Career Connections

Text Alert

Get Connected

Parameters for article:{}

 


Roland Barksdale-Hall

 

Storyteller Roland Barksdale-Hall will present “Sankofa: Go Back and Fetch It” as the keynote speaker for Clarion University’s Sixth Annual Juneteenth Community Celebration, June 20 at 11:30 a.m. in the Gemmell Student Complex Multi-Purpose Room. The program is free and open to the public. Lunch will be served following the program.

Other participants will include Tracy Becker, Clarion Chamber of Commerce; Clarion University Frederick Douglass Scholars Laura Straughn; Dr. Joanne Washington, Clarion University professor of mass media arts, journalism, and communication studies; Clarion University students Esteban Brown, Lorenzo Lopez, and other student performers to be announced; and the Buffalo Soldiers from VisionQuest.

“I hope to inspire,” said Barksdale-Hall, who teaches at Butler County Community College and is president of JAH Kente International, Inc., a Washington, D.C., based nonprofit arts and cultural organization with a mission to nurture the cultural spirit of Africa. He holds three master’s degrees in public history and leadership from Duquesne University and library science from the University of Pittsburgh and is founder of the Afro-American Historical and Genealogical Society of Pittsburgh.

He was the keynote speaker for the First Juneteenth held by the International Sons and Daughters of Slave Ancestry on June 28, 1998, at the DuSable Museum in Chicago, Ill. He founded the Juneteenth Community Celebration in Pittsburgh.

Barksdale-Hall writes about liberation. His books include: “The African-American Leadership Guide, Healing, Rebuilding and Taking Back Our Communities,” and “The African-American Family’s Guide to Tracing Our Roots: Healing, Understanding and Restoring Our Families.” He serves on the editorial board of “The Journal of the Afro-American Historical and Genealogical Society “and “The Journal of Pan African Studies,” and is a contributing editor to “Mary Magazine.”

He is the recipient of the 2004 Afro-American Historical and Genealogical Society National History Award. He is listed in Who’s Who Among African Americans and has made numerous national television and radio guest appearances. He has been researching the black family for more than 30 years. The Pennsylvania Historical and Museum Commission chose his essay, “The Twin City Elks Lodge, A Unifying Force in Farrell’s African American Community,” as the winning graduate entry in the 1993 Black History Conference Essay Contest.

Juneteenth is the oldest known celebration of the ending of slavery. The holiday dates to June 19, 1865, when Major General Gordon Granger and his Union soldiers, landed at Galveston, Texas, with news that the war had ended and that the slaves were free. This happened two and a half year after President Abraham Lincoln issued the Emancipation Proclamation, which had little impact on the Texans due to the small number of Union troops to enforce the new order. However, with the surrender of General Robert E. Lee in April 1865, and the arrival of the Granger’s regiment, the forces were finally strong enough to quell any resistance.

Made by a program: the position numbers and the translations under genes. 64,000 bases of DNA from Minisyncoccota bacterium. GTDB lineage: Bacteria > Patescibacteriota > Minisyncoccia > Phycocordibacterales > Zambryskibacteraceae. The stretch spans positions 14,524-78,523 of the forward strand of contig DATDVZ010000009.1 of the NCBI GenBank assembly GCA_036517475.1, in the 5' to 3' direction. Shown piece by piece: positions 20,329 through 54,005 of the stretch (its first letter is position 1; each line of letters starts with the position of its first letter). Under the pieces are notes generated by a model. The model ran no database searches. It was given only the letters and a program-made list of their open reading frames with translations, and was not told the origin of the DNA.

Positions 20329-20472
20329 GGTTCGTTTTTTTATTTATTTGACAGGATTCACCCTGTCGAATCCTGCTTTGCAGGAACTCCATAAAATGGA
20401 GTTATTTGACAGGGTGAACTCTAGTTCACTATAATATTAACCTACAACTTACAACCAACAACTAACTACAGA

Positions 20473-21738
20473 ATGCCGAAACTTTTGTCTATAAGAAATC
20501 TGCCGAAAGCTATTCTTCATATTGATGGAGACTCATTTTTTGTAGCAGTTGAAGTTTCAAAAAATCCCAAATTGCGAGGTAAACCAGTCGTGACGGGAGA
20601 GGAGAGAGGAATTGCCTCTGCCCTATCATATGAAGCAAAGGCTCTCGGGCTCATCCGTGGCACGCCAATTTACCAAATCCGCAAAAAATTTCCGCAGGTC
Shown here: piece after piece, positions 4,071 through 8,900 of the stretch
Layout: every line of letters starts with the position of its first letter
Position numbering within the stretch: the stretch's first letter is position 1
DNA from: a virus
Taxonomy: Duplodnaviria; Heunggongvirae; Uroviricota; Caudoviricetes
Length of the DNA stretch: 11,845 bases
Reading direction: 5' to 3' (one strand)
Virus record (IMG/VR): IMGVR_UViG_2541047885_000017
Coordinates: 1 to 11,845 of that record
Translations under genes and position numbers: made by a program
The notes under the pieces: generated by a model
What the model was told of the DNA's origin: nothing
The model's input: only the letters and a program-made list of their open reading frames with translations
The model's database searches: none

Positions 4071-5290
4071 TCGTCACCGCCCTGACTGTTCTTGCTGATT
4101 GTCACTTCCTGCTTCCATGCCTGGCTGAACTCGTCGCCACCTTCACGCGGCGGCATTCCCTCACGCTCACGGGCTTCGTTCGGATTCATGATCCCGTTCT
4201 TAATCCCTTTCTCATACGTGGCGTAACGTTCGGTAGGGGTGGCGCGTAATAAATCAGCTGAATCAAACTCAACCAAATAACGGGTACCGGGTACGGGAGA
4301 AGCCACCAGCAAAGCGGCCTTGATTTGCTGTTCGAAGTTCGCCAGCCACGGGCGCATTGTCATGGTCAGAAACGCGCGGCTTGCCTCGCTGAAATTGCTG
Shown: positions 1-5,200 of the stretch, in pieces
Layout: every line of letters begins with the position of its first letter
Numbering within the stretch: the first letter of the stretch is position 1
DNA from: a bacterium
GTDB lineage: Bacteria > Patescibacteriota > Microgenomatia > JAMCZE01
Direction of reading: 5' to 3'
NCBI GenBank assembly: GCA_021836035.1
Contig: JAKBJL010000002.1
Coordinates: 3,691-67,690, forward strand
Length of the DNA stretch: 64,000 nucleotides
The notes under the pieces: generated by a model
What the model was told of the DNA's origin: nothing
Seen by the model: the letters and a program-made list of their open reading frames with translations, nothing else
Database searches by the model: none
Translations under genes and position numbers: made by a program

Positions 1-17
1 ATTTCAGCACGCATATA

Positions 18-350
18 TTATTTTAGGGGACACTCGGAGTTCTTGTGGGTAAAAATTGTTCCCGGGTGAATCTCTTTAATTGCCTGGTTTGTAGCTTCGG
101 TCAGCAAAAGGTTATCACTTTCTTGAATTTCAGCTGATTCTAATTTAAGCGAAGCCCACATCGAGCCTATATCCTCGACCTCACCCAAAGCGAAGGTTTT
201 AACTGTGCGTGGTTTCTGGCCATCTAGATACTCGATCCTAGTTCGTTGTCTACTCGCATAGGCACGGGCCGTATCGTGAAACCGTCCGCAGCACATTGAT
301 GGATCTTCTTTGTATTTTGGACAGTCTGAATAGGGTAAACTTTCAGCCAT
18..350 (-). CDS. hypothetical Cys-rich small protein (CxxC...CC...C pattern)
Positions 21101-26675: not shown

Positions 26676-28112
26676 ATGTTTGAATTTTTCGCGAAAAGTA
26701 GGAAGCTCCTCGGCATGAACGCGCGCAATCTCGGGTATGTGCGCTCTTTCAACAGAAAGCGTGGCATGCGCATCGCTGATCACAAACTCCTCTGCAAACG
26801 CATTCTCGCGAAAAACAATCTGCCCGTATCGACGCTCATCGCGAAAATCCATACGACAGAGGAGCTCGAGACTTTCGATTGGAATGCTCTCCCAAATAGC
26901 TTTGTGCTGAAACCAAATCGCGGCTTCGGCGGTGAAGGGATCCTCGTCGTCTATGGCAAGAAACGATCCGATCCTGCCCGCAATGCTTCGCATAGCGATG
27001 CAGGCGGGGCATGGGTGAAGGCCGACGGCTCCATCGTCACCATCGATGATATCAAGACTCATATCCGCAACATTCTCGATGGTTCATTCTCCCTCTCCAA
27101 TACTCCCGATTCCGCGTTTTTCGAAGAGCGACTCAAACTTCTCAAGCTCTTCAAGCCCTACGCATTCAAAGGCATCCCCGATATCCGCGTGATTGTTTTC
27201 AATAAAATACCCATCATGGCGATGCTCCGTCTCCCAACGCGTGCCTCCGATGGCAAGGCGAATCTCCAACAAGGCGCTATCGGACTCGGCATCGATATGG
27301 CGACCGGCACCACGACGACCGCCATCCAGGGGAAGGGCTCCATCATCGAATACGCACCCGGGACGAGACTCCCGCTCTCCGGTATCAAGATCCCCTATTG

Three major theories exist as to why it took so long for Texans to learn of the emancipation. One is a popular story of a messenger who was unable to reach Texas with the news because he was attacked and murdered along the way. Another is that the slave-owners did not tell their slaves in order to maintain the forced labor on the plantations. It is also theorized that federal troops actually waited to announce the news so they could receive on last cotton harvest.

Juneteenth celebrations declined over the years, and the Civil Rights Movement both encouraged and discouraged the event. While the movement pulled many African American youth away and into the struggle for racial equality, many linked these struggles to the historical struggles of their ancestors. This was evidenced during the Atlanta civil rights campaign in the early 1960's, where student demonstrators wore Juneteenth freedom buttons.

In 1968, Juneteenth received another strong resurgence through Poor Peoples March to Washington D.C., Rev. Ralph Abernathy's call for people all races, creeds, economic levels and professions to come to Washington to show support for the poor. Many attendees returned home and initiated Juneteenth celebrations in areas previously absent of such activity. Two of the largest Juneteenth celebrations founded after this March are now held in Milwaukee and Minneapolis.

In Texas, African American state legislator Al Edwards established Juneteenth as an official state holiday in 1980. The passage of the bill made Juneteenth the first emancipation celebration with official state recognition. Edwards has since actively sought to spread the observance of the holiday all across the United States.

Juneteenth has continues to enjoy a growing and healthy interest from communities and organizations throughout the country in the last two decades. The Smithsonian, Henry Ford Museum, and other institutions have sponsored Juneteenth-centered activities.

A complete history of the celebration and holiday is available at: http://www.elecvillage.com/juneteen.htm.

Clarion’s Juneteenth celebration is supported by a grant from the Clarion University Foundation Inc., with additional support from the Clarion University African America Caucus, and the Clarion Area Chamber of Commerce.

Published
8/18/2008 11:44 AM

Barkesdale-Hall to keynote Juneteenth observance